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How to Evaluate a Work of Art

By Mariam Dzadzamia


It is important to know how to evaluate the artwork while visiting the museum. Works of art, specifically paintings, can be distinguished by several criteria. Basically, these are the genre, medium and era in which the work was created.

When looking at different genres, it is first important to know what the genre serves. For example, Cubism is a revolutionary new approach to representing reality invented  around 1907. Also, we should not miss the main representatives of this sequence. For example, the world recognized Pablo Picasso as the father of Cubism, but with him, Paul Cézanne also started to see existing objects in a cubic perspective and offered us a lot of experimental works.

From Claude Monet's unfinished painting "Impression, Sunrise" one of the outstanding trends of all time was born: Impressionism. It can be considered a genre where the shade of feelings is best reflected. Thanks to him, character presentation is very effective. Claude Monet also conducted a similar experiment many times, when he painted exactly the same place several times in a year. At first glance, the illogical palette of colors combined with a momentary impression gives great importance to the moments in which the painting was created. All works of Impressionism are a kind of color change.

One of the most important components distinguishing a painting is the medium, that is, the material with which the work is made. Currently, the most popular are oil and acrylic paints. Natural dyes have been used since ancient times. The possibilities of this medium are truly endless. It can be used to represent all genres of painting. It's hard-drying ability allows the artist to work longer and in detail on the painting, and the flexibility of its thickness allows us to better define the relief level on the work. We can also mix more pigments with oil. Interesting facts about pigment:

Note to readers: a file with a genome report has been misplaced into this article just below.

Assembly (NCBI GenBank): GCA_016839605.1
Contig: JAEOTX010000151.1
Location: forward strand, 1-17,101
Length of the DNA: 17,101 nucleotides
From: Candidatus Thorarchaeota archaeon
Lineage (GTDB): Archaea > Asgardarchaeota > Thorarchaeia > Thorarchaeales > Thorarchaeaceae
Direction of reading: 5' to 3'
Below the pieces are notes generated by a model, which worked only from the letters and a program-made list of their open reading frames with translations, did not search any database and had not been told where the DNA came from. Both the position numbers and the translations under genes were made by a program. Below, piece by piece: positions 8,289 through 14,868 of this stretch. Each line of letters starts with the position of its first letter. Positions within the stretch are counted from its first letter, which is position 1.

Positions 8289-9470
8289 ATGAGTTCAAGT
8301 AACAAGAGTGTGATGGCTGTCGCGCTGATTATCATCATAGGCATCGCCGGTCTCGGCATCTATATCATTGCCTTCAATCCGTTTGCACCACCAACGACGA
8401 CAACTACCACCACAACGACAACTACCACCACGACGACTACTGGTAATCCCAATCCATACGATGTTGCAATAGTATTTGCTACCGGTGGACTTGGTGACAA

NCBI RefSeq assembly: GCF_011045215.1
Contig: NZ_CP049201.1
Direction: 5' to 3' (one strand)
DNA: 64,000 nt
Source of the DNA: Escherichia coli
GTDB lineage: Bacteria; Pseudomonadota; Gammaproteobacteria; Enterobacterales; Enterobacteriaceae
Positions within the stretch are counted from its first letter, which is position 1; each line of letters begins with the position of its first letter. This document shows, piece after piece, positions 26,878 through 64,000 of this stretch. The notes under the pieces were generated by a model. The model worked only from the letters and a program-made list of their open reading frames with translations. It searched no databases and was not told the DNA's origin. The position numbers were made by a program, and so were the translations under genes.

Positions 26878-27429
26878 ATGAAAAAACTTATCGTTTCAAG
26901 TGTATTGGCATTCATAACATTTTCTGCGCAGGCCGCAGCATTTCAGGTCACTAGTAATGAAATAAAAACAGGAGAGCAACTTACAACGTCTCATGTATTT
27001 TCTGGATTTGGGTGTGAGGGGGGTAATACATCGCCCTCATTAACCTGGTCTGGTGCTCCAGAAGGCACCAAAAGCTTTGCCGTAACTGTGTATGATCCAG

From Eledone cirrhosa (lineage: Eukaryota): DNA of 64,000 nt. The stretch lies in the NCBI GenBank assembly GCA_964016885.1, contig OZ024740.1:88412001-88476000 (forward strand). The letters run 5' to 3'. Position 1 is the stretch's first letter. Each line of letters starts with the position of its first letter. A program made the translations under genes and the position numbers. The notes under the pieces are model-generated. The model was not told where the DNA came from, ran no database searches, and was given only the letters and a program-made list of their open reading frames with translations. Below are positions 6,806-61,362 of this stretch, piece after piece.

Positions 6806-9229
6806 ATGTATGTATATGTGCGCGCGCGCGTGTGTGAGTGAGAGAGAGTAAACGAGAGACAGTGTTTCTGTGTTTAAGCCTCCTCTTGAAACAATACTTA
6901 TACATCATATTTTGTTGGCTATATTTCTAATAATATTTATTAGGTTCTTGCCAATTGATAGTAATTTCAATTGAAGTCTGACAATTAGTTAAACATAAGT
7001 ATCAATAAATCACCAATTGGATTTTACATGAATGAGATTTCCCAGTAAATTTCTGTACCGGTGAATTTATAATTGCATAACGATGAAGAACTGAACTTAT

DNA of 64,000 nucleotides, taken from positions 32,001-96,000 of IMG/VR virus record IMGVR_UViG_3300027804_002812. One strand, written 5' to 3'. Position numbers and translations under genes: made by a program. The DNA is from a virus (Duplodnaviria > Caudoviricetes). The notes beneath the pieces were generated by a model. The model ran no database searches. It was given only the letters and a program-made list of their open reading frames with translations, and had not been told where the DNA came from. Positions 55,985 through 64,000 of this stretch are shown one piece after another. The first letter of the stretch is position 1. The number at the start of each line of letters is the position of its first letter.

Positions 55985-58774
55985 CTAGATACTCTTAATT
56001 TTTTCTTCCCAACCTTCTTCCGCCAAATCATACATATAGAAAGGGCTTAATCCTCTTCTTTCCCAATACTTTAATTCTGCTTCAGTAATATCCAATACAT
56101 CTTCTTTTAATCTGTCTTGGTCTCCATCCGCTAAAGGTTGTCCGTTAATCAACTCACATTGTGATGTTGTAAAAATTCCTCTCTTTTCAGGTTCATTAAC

1. In DACH countries, Germany (D), Austria (A), and Switzerland (CH), paintings with orange color mixed in were more expensive, because the import of this pigment was expensive.

2. One of the brown tones of Eugene Delacroix's painting "Liberty Leads the People" has a pigment that contains a powdered mummy.

It is impossible to make an informational circle when comparing or observing a painting without knowing in which era it was painted. Along with the change of history and the passage of time, the ideology and style of artists approached their work. The Renaissance is essentially a revival of classical philosophy in the Middle Ages, which permeated all spheres.

This period is the rise of the classics. This is followed by the more refined Baroque period, which was characterized by a high level of focus on intricate detail, high-contrast elements, and an elevation of spatial perspective.

Today we are in the era of modern art where there is a boom in experimentation. It is up to us how we set boundaries or how we do without them. It can be said that it is a corridor of colors and ideas that overwhelms everyone who approaches it.

Despite all this, in order to get a full impression of the work, we should not forget the importance of having information about the artists. In the end, these people, their personal lives, their experiences and their personalities give us the most important information about the work. And the most important thing? Don't forget that all this will make sense when the love of art and respect for it awakens in you.


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